The Internet -- that 200 million-person, $8 trillion global economy -- accounted for 21 percent of GDP growth in the world's largest economies over the last 5 years, McKinsey found in a report released this week.* As an entity, it accounts for more GDP than the Spanish or Canadian economies, and it's growing faster than Brazil. As a sector, it is now larger than these countries' agriculture or energy industries.
Sweeping statements about the size and growth of the Internet are tough to swallow. So here are three highlights from the new McKinsey report:
1. What Is the Internet Economy?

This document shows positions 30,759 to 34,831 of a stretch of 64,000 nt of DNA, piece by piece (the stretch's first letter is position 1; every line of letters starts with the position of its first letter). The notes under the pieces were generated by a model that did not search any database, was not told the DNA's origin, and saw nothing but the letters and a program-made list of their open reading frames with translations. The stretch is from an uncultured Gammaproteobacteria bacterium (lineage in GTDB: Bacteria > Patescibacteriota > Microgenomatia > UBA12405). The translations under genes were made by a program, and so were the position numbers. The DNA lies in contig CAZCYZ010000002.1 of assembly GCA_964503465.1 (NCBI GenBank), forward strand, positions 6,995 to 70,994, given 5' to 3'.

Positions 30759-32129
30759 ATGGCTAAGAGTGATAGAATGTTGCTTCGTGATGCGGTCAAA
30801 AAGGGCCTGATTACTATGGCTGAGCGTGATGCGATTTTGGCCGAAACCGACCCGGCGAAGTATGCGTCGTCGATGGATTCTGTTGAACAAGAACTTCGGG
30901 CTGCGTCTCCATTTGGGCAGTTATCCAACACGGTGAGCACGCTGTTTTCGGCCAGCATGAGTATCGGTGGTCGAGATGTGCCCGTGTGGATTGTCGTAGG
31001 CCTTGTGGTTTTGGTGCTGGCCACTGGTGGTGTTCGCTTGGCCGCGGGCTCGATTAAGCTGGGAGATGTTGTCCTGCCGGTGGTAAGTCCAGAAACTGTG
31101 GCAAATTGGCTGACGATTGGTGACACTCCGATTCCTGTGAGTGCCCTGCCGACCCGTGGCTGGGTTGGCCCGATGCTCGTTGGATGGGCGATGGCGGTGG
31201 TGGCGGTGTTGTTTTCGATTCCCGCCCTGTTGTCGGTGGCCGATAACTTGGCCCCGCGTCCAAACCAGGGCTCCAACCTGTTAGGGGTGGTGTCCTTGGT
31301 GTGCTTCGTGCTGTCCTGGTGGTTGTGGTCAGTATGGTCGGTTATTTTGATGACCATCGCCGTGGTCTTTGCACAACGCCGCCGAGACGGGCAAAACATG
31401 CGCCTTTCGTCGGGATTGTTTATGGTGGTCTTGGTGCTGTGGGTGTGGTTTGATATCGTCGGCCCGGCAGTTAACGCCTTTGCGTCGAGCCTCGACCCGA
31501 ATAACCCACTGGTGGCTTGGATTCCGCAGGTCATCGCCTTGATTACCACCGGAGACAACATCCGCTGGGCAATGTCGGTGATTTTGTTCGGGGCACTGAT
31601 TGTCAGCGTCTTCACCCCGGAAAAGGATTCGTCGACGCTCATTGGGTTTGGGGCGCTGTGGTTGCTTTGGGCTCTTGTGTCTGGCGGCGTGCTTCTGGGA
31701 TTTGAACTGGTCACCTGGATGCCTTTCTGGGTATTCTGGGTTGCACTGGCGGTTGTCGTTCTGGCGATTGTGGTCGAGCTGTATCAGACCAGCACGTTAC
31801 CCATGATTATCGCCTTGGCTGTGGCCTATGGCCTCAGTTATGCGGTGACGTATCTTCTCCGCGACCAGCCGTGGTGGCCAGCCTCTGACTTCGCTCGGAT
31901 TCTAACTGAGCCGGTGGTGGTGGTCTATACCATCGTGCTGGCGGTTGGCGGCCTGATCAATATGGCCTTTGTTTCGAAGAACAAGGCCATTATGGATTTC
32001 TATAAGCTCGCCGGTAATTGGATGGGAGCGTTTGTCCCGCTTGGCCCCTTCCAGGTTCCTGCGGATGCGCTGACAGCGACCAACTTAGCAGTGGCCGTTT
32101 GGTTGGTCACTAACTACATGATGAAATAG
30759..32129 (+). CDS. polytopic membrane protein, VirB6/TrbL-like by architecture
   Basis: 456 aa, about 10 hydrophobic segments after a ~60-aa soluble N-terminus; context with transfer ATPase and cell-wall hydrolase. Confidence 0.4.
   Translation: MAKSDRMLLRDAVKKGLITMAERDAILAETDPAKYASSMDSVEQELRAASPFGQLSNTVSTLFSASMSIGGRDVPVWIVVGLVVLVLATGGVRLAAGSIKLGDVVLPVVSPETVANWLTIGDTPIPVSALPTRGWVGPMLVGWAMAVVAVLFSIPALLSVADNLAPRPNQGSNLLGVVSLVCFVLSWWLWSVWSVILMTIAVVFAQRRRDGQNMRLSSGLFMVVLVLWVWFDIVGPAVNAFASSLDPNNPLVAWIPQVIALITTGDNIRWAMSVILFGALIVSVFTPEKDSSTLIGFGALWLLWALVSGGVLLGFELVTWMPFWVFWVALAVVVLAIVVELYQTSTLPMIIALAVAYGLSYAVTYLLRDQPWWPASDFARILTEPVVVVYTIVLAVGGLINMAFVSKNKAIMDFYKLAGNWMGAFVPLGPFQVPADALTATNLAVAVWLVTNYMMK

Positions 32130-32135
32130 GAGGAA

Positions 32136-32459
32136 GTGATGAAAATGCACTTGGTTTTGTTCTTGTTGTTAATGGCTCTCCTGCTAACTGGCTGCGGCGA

There is a lot of Internet to measure, with two hundred million global consumers and $8 trillion in total revenue. So McKinsey's report limited its scope to the online economy in the G-8 countries plus five more: Brazil, China, India, South Korea and Brazil. It defined Internet activities as private consumption (electronic equipment, e-commerce, broadband subscriptions, mobile Internet, and hardware and software consumption); private investment (from the telecommunications industry and the maintenance of extranet, intranet, and Web sites); public expenditure (spending and buying by government in software hardware and services); and trade (which accounts for exports of Internet equipment plus business-to-business services with overseas companies).